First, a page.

2. Reserve portfolios are more diversified in central banks where the back, middle, and front offices are separated . This holds when controlling for the level of reserves, the macroenvironment, and the broader governance environment. Central banks that can define their own organizational structure can act on this finding.
3. Central banks’ reserves are composed of fewer eligible currencies and are therefore less diversified in countries where the ministry of finance has an obligation to cover negative equity . Central banks in countries with the obligation to cover negative equity have, on average, almost three eligible currencies fewer than those without this obligation. This is a challenging area for central banks to take action, but the policies can be altered.
4. Central banks where the board actively exercises portfolio oversight and the middle office reports directly to the board on investment policies usually have reserve portfolios that are more diversified .
 

Our research provides new, quantitative evidence for a simple yet important conclusion – any central bank can improve its internal governance regardless of the external governance environment, and such improvements can produce much better outcomes on reserve management. Given the essential role of reserves in times of crisis, this conclusion has significant implications for economic development. Therefore, central banks should consider exploring options for improving governance and reserve management, including through the World Bank Treasury’s Reserve Advisory and Management Partnership.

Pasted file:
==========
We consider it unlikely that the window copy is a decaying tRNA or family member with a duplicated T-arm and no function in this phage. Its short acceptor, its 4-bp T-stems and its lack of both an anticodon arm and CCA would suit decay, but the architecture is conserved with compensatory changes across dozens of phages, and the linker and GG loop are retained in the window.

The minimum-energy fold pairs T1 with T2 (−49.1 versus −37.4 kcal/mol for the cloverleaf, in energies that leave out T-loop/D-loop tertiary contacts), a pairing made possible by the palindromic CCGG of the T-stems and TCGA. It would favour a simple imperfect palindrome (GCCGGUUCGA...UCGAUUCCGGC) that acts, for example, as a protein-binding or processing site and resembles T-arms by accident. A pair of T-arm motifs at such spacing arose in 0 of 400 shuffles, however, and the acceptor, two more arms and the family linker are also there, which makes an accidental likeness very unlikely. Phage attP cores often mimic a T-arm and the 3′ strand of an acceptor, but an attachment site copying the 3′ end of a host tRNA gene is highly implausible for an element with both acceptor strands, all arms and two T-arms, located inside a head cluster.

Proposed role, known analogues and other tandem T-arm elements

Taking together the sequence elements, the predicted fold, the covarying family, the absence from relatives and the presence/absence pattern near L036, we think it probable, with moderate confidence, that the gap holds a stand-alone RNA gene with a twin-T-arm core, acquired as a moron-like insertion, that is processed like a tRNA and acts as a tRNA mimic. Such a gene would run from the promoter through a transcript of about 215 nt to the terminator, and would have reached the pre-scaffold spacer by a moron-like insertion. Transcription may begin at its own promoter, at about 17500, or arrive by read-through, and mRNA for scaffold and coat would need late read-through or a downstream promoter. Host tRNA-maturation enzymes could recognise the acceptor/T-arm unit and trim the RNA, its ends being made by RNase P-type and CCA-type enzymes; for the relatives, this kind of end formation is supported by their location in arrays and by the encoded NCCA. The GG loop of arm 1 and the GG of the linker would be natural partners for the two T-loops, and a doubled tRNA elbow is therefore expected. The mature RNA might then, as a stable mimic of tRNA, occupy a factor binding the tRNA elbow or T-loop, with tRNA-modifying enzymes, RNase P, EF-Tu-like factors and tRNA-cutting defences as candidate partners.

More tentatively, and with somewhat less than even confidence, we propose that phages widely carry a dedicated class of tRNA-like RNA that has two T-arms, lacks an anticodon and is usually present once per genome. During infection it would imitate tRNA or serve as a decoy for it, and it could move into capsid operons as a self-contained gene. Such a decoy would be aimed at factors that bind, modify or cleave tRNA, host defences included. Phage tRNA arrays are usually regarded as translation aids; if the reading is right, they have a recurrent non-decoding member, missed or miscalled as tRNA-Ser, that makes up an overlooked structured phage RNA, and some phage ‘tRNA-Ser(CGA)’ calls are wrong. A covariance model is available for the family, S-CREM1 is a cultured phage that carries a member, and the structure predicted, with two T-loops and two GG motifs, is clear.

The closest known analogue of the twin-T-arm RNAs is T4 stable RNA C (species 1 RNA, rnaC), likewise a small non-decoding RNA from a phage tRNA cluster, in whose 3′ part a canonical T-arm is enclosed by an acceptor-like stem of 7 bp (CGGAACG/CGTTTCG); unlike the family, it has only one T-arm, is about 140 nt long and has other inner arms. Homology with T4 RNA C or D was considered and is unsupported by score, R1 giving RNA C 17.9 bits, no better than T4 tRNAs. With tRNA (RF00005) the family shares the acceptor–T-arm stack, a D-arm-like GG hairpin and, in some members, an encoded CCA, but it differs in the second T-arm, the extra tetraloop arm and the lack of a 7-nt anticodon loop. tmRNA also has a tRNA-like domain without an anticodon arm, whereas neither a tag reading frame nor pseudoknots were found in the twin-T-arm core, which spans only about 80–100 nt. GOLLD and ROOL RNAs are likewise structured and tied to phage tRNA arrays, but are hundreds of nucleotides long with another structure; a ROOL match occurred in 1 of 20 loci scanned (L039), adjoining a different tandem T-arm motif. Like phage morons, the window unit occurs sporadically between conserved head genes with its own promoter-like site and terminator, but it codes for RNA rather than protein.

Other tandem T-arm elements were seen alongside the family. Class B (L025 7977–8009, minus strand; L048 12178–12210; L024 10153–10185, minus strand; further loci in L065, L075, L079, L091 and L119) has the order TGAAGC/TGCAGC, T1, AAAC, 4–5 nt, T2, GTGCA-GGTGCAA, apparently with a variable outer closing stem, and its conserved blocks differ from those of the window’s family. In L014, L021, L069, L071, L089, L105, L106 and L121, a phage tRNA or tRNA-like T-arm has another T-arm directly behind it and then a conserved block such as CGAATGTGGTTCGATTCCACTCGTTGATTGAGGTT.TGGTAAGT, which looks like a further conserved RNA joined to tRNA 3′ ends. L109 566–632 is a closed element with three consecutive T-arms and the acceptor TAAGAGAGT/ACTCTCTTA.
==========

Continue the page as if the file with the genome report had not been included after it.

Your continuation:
Authors

Daniela Klingebiel

Manager, Reserve Advisory and Management Partnership (RAMP), Treasury

Marco Ruiz

Senior Financial Officer, Treasury

James Seward

Senior Financial Officer